Pro Football Focus has become somewhat of a football statistics bible.
Just like any sacred text, though, that can mean two different things to those who read it: some treat it as the definitive final word on everything, while others believe it is more open to interpretation.
I tend to think of PFF in the second way. The various data produced by those who work for the site is generated by a thorough review of game film, which makes it more useful than a lot of other evaluations. But any grade is inherently subjective, particularly since each player’s assignment on every play can be complicated and known only to his team.
With that as a windup, there are some very interesting grades from PFF as they pertain to Vikings cornerbacks this season. This is only through two games — an exceedingly small sample size — but I think most of you would agree the grades deviate from what the eye test and overall narrative have suggested this season.
Out of 106 cornerbacks ranked at the moment (subscription required), four of them play for the Vikings. They go, in order: Mackensie Alexander, Terence Newman, Xavier Rhodes and Trae Waynes.
The two stunners in that mix: Alexander, at No. 29 overall with a very solid 79.1 rating, is the top Vikings corner. And Rhodes, with a dreadful 44.0 rating, is 81st out of 106.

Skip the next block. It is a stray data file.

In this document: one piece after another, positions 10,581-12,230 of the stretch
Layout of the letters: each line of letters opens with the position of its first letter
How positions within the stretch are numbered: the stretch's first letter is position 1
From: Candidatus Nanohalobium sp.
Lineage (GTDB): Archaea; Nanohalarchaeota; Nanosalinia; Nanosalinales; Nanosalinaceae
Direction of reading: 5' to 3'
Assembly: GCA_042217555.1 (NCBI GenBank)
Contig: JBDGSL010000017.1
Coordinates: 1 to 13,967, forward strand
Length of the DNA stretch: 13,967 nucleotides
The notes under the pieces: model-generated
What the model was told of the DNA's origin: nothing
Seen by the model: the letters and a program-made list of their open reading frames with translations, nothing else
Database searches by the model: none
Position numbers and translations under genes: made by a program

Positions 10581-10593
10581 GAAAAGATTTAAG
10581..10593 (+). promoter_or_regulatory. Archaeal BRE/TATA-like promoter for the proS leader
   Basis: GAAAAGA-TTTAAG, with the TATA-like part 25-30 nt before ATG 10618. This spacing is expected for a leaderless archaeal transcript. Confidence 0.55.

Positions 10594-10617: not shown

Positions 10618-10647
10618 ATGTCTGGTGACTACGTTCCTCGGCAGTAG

Rhodes spent much of last season among the top 25 PFF corners, ranking 14th in a piece they wrote in late November. He was generally thought to have played well the first two games of this season, holding Michael Thomas in check in Week 1 against New Orleans and keeping Antonio Brown to five catches for 62 yards in Week 2 against Pittsburgh.
Yet Rhodes finds himself ranked barely ahead of Waynes, who is 87th out of 106 corners with a 42.9 rating (though he does have one of the best run-defense grades among corners).
Alexander, a second year corner who was enough of a question mark coming into this season that the Vikings made a late trade to add Tramaine Brock, finds himself ahead of even Newman — a PFF darling who finished in their top 10 last year. Newman is still a respectable 43rd this season with a rating of 74.8.
So is this just a case where a few plays have skewed the sample size (even if it’s hard to find those plays as they pertain to Rhodes)? Is it a case where film review is showing something we’re missing during games? Or is it a reason to be skeptical of PFF as the football bible?
It could be some combination of all three, but it bears watching as the season goes along if Rhodes and Waynes are the future of this secondary.